LMS engineers and manufactures, to exact specifications, commercial and military grade Digital Fuel Quantity Indicators. We integrate the latest technologies in delivering digital devices that our customers know they can trust. The LMS Digital Indicator is available in a compact 2” square or round package and can be modified to suit any application.

2” Square Digital Indicator

The indicator shown below is a single EMI protected Multi-Tank Display (MTD). This indicator is night vision (NVG) compatible and sunlight readable. The MTD features a continuous display of up to 6 tanks plus total fuel. Other configurations are available.

The LED display of the square indicator utilizes four, 8 alphanumeric character, high-intensity LED displays. The mechanical enclosure divides the display into seven fields; six 3-digit fields for each of the individual fuel tanks, and an 8 character field for display of total fuel. The total fuel field is also used to post error conditions detected by or communicated to the MTD.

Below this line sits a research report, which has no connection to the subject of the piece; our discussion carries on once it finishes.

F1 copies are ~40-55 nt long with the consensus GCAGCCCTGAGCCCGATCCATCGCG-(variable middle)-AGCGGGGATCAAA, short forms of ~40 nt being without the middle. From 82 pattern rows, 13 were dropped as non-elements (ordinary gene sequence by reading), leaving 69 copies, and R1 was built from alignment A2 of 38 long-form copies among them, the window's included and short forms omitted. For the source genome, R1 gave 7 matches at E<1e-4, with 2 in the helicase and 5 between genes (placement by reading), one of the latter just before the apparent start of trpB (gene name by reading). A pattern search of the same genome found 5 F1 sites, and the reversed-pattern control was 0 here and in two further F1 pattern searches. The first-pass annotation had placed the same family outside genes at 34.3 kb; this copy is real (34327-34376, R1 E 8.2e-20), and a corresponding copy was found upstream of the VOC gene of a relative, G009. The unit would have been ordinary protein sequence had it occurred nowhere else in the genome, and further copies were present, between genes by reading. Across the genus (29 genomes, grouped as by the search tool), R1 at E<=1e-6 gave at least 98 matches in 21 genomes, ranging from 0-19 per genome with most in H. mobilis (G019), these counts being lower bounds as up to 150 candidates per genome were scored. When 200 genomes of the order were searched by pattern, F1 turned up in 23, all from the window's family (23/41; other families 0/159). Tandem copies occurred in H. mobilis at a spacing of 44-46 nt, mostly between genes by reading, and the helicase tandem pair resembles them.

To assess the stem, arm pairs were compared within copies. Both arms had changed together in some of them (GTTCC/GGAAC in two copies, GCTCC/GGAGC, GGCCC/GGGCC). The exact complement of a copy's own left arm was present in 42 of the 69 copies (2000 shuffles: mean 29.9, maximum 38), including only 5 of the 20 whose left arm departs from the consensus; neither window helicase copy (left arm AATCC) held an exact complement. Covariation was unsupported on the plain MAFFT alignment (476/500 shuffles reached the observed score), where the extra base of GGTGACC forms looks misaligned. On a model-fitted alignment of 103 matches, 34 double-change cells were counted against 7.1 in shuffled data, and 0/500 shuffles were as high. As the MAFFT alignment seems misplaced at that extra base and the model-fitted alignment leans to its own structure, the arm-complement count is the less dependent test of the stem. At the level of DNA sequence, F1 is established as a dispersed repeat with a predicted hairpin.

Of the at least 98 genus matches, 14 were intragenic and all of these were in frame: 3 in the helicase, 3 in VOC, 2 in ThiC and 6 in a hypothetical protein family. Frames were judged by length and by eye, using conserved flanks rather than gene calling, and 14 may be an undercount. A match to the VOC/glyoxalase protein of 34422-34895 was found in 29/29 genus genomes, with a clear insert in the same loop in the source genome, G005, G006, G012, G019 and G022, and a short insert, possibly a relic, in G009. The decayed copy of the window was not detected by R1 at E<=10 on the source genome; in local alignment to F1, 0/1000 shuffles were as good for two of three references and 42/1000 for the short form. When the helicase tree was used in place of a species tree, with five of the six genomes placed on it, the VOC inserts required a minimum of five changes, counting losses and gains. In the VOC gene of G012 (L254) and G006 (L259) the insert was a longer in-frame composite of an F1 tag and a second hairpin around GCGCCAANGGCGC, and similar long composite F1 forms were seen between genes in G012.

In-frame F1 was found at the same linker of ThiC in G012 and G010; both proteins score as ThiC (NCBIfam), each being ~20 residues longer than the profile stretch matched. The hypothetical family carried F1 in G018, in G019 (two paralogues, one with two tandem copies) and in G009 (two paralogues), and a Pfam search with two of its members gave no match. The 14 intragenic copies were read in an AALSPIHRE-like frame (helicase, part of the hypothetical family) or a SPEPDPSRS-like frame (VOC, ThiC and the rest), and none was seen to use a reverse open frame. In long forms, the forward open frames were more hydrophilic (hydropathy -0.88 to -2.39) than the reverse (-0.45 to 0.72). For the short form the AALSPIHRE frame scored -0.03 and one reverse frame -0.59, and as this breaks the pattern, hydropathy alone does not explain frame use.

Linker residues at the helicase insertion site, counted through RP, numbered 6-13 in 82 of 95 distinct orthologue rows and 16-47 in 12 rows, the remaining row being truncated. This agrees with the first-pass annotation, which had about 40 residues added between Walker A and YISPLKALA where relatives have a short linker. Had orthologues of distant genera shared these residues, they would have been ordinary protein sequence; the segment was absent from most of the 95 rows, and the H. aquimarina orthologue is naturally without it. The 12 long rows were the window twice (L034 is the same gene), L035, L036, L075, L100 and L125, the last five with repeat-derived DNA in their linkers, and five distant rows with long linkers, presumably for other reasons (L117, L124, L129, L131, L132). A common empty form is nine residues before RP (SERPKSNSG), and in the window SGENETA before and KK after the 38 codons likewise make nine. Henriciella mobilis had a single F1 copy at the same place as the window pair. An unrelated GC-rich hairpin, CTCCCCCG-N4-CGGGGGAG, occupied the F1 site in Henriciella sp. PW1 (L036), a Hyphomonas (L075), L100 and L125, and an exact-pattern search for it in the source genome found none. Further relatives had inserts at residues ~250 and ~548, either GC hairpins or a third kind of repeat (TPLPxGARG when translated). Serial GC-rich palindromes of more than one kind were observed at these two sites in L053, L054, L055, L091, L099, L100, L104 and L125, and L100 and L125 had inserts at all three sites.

Display Control

The display is designed to allow fuel weights of multiple tanks and total fuel weight on the aircraft to be displayed simultaneously. The display uses a standard display controller. Firmware communicates with the controller to show text on the display.

2” Round Digital Indicator

The 2” round digital indicator provides 8 alphanumeric characters that can be configured to display fuel quantities. Total fuel and additional tank quantities can be displayed by means of an external selector switch.

Built-In Test (BIT)

All BIT function is implemented in firmware, but requires supporting hardware for many of the tests it performs. Firmware is responsible for executing BIT and reporting errors appropriately. Continuous BIT (CBIT) tests are performed while the unit is running. Initiated BIT (IBIT) are executed in response to receiving an IBIT started message.

Display Control

The display is designed to allow fuel weights of multiple tanks and total fuel weight on the aircraft to be displayed simultaneously. The display uses a standard display controller. Firmware communicates with the controller to show text on the display.